Chapter 2

1 / 14

# Chapter 2 - PowerPoint PPT Presentation

Chapter 2. Section 2.1 Conditional Statements. Conditional Statement. Type of logical statement 2 parts Hypothesis/Conclusion Usually written in “if-then” form If George goes to the market , then he will buy milk. Hypothesis. Conclusion.

I am the owner, or an agent authorized to act on behalf of the owner, of the copyrighted work described.

## PowerPoint Slideshow about 'Chapter 2' - Sophia

Download Policy: Content on the Website is provided to you AS IS for your information and personal use and may not be sold / licensed / shared on other websites without getting consent from its author.While downloading, if for some reason you are not able to download a presentation, the publisher may have deleted the file from their server.

- - - - - - - - - - - - - - - - - - - - - - - - - - E N D - - - - - - - - - - - - - - - - - - - - - - - - - -
Presentation Transcript

### Chapter 2

Section 2.1

Conditional Statements

Conditional Statement
• Type of logical statement
• 2 parts
• Hypothesis/Conclusion
• Usually written in “if-then” form
• If George goes to the market, then he will buy milk.

Hypothesis

Conclusion

If the hypothesis is true then the conclusion must be true

Rewrite each conditional statement in if-then form
• It is time for dinner if it is 6 pm.
• If it is 6 pm, then it is time for dinner
• There are 12 eggs if the carton is full
• If the egg carton is full, then there are 12 eggs.
• A number is divisible by 6 if it is divisible by 2 and 3.
• If a number is divisible by 2 and 3, then it is divisible by 6
• An obtuse angle is an agle that measures more than 90 and less than 180.
• If an angle is obtuse then it measures more than 90 and less than 180.
• All students taking geometry have math during an even numbered block
• If you are taking geometry, then you have math during an even numbered block.
Counter Example
• Used to prove a conditional statement is false
• Must show an instance where the hypothesis is true and the conclusion is false.
• Ex. If x2 = 9 then x = 3
• Counter Ex. (-3)2 = 9, but –3,  3
• Only need one counter example to prove something is not always true.
Decide whether the statement is true or false. If it is false, give a counter example
• The equation 4x – 3 = 12 + 2x has exactly one solution
• True
• If x2 = 36 then x = 18 or x = -18
• False: (6)2 = 36 and 6  18 or 6  -18
• Thanksgiving is celebrated on a Thursday
• True
• If you’ve visited Springfield, then you’ve been to Illinois.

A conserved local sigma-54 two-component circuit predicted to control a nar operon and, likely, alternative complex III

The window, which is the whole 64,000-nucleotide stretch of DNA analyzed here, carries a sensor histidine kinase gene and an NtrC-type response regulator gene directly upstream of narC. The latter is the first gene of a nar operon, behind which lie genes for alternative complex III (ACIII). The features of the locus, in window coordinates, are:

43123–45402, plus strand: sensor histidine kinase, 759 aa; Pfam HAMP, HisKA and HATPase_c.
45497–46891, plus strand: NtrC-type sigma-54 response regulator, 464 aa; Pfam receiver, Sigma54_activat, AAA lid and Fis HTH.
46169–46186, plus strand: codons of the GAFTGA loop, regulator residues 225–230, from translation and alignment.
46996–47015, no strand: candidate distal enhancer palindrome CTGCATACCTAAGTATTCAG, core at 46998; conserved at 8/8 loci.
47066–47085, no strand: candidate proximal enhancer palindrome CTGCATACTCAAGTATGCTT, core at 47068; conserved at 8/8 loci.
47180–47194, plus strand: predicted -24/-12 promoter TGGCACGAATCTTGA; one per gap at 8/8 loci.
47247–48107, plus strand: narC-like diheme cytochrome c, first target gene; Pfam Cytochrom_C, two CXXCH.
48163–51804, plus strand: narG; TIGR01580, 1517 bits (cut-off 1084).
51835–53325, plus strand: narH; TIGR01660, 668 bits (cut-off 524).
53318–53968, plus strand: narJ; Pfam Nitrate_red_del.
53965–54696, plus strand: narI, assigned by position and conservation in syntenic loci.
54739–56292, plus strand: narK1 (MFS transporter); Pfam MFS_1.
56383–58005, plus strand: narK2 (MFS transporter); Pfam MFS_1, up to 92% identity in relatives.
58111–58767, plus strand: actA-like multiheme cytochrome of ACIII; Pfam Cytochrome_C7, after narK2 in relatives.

• False: If you’ve visited Springfield, then you’ve been to Massachusetts (Springfield MA.)
• Two lines intersect in at most one point.
• True
New statements formed from a conditional
• Converse: Switch the hypothesis and conclusion
• Conditional: If you see lightning, then you hear thunder
• Converse: If you hear thunder, then you see lightning
• If you like hockey, then you go to the hockey game
• If you go to the hockey game, then you like hockey
• If x is odd, then 3x is odd
• If 3x is odd, then x is odd
• If mP = 90, then P is a right angle
• If P is a right angle, then mP = 90
New statements formed from a conditional
• Inverse: When you negate the hypothesis and conclusion of a conditional
• Negate: To write the negative of a statement
• Conditional: If you see lightning, then you hear thunder
• Inverse: If you do not see lightning, then you do not hear thunder
• If you like hockey, then you go to the hockey game
• If you don’t like hockey, then you don’t go to the hockey game
• If x is odd, then 3x is odd
• If x is not odd, then 3x is not odd
• If mP = 90, then P is a right angle
• If mP  90, then P is not a right angle
New statements formed from a conditional
• Contrapositive: When you switch and negate the hypothesis and conclusion of a conditional
• Conditional: If you see lightning, then you hear thunder
• Contrapositive: If you do not hear thunder, then you do not see lightning
• If you like hockey, then you go to the hockey game
• If you don’t go to the hockey game, then you don’t like hockey
• If x is odd, then 3x is odd
• If 3x is not odd, then x is not odd
• If mP = 90, then P is a right angle
• If P is not a right angle, then mP  90
Equivalent Statements
• When two statements are both true, they are called equivalent statements
Point, Line, and Plane Postulates
• Through any two points there exists exactly one line
• A line contains at least two points
• If two lines intersect, then their intersection is exactly one point (14)
• Through any three noncollinear points there exists exactly one one plane
Point, Line, and Plane Postulates
• A plane contains at least three noncollinear points
• If two points lie in a plane, then the line containing them lies in the same plane (15)
• If two planes intersect the, then their intersection is a line. (16)
• The points E, F, and H lie in a plane
• Postulate #8: Through any three noncollinear points there exists one plane.
• The points E and F lie on a line
• Postulate #5: Through any two points there exists exactly one line
• The planes Q and R intersect in a line
• Postulate #11 If two planes intersect the, then their intersection is a line.
• The points E and F lie in plane R. Therefore, line m lies in plane R
• Postulate #10: If two points lie in a plane, then the line containing them lies in the same plane